Limit of quantification (LOQ) and concentrations (mean ± standard error, n = 4) of the five antibiotics contained in the 200-µg/L antibiotic mixture (nominal concentration of each antibiotic: 40.0 µg/L) measured initially and 6 days later


LOQ (µg/L)

Initial concentration (µg/L)

Concentration after 6 d (µg/L)



41.5 ± 2.8

34.3 ± 3.5



29.6 ± 5.5

19.2 ± 2.7



33.7 ± 4.6

7.8 ± 2.1



33.6 ± 1.2

7.9 ± 0.6



37.6 ± 4.7

4.6 ± 0.8

Data analysis

The leaf mass consumed per day and per mg dry mass of surviving G. fossarum (C) was individually calculated for each replicate and week (Maltby et al. 2002) and then averaged over the study duration:
$$C = \frac{{\left( {{L_a} \times \left( {1 - k} \right)} \right) - {L_b}}}{{g \cdot t}}$$
where La = dry mass of the leaf discs after conditioning but before providing them as food to gammarids, Lb = dry mass of the conditioned leaf discs after 6 days of consumption by G. fossarum, g = dry mass of the gammarid at the end of the experiment, t = feeding time in days and k = is a correction factor for microbial and physical leaf mass loss determined by the following formula:
$$k = \frac{{{\sum} {\frac{{\left( {{L_c} - {L_d}} \right)}}{{{L_c}}}} }}{n}$$
where Lc = dry mass of conditioned leaf discs placed in cages without gammarids, Ld = dry mass of the same leaf discs but after 6 days of exposure, and n = number of replicates used per week. Moreover, the changes in the peduncle diameter, the fresh and dry mass of each gammarids over the 24-day study period were calculated and served as an indicator of growth. Differences in leaf associated bacterial abundance and fungal biomass, leaf consumption rate, increase in peduncle diameter and changes in fresh and dry mass were assessed by means of ANOVA followed by Dunnett’s tests for multiple comparisons, with the data from all cages within each replicate aquarium averaged prior to the analysis. The significance level was set at p < 0.05 for all tests.


Bacterial abundances and fungal biomass associated with the leaf material fed to G. fossarum did not notably differ among treatments (Table 2). Similarly, the consumption of leaf material was largely unaffected by the antibiotic treatments (Tables 3, 4). Moreover, differences in the growth of gammarids measured as increase in fresh and dry mass was statistically significant across treatments as shown by the ANOVAs (Table 4). Higher growth was observed in water receiving 2 µg/L of the antibiotic mixture relative to the two other treatments (Fig. 2). A statistically significant effect was detected on the peduncle diameter (Table 4), showing an increase under control conditions yet no substantial change in the two antibiotic treatments, although a significant effect was noted at 2 µg/L (Table 3).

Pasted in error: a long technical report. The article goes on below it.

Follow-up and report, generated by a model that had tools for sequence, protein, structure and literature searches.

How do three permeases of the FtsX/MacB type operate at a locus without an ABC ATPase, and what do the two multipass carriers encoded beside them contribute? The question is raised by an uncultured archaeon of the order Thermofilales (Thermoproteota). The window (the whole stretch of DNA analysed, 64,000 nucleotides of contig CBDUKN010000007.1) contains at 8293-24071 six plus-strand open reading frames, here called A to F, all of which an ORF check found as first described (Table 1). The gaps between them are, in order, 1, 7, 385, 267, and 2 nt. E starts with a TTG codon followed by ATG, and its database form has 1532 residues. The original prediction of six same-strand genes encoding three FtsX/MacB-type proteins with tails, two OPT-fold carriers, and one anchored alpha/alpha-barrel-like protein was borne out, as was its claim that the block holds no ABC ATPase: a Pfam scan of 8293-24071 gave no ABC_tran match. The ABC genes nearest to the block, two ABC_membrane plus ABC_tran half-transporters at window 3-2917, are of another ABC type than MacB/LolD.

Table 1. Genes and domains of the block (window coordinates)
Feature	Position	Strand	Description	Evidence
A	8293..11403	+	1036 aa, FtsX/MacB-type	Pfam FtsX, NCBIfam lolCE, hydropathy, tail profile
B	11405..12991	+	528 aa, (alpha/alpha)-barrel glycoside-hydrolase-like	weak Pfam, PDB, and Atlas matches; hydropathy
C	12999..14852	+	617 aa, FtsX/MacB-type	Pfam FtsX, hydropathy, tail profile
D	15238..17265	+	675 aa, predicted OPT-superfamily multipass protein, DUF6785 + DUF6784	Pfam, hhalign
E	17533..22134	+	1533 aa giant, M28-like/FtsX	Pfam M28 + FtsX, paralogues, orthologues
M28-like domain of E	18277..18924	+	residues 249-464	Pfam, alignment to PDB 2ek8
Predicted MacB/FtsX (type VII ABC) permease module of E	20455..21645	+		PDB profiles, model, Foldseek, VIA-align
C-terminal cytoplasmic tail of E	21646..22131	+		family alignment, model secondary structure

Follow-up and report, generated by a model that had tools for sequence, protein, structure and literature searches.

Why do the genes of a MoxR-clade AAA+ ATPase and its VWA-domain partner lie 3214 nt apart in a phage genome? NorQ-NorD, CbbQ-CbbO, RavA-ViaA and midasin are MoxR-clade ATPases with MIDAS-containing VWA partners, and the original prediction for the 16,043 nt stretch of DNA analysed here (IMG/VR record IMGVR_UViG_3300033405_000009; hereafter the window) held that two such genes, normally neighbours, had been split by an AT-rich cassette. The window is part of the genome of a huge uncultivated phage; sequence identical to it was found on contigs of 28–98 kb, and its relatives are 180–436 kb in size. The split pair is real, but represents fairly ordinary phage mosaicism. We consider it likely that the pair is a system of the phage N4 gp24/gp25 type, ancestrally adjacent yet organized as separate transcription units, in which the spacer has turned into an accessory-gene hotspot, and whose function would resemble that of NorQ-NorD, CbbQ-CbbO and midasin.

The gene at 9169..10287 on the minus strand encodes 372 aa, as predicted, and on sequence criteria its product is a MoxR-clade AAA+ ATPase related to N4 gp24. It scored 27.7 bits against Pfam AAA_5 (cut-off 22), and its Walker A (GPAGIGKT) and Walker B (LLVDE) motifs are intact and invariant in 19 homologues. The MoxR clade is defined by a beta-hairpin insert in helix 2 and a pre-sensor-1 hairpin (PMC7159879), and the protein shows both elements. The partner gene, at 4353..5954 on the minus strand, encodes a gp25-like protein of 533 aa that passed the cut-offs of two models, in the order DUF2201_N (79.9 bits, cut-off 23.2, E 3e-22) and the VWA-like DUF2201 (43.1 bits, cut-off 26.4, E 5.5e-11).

Table 2

Leaf-associated bacterial abundance and fungal biomass (mean ± standard deviation, n = 7) after 18 days of conditioning in 0, 2 and 200 µg/L of the five antibiotics

Concentration of the antibiotic mixture (µg/L)

Bacterial abundance (cells 1011/ mg leaf dry mass)

Fungal biomass (mg/g leaf dry mass)


4.2 ± 0.74

13.7 ± 8.5


3.5 ± 0.54

12.4 ± 5.1


3.9 ± 0.63

15.6 ± 8.3

Table 3

Leaf consumption (mg leaf dry mass/mg animal dry mass/day) by and increase in peduncle diameter (mm) of G. fossarum (mean ± standard deviation, n = 7) over the entire study duration of 24 days of exposure to 0, 2 and 200 µg/L of an antibiotics mixture

Concentration of antibiotic mixture (µg/L)

Leaf consumption (mg leaf dry mass/mg dry animal mass/day)

Increase in peduncle diameter (mm)


0.221 ± 0.020

0.019 ± 0.007


0.195 ± 0.038

0.001 ± 0.017*


0.229 ± 0.026

0.004 ± 0.014

The asterisk indicates a statistically significant deviation relative to the control based on Dunnett’s test for multiple comparisons

Table 4

Results of ANOVAs assessing differences among antibiotic treatments in leaf consumption by, and increases in the fresh mass, dry mass and peduncle diameter of G. fossarum over the entire study duration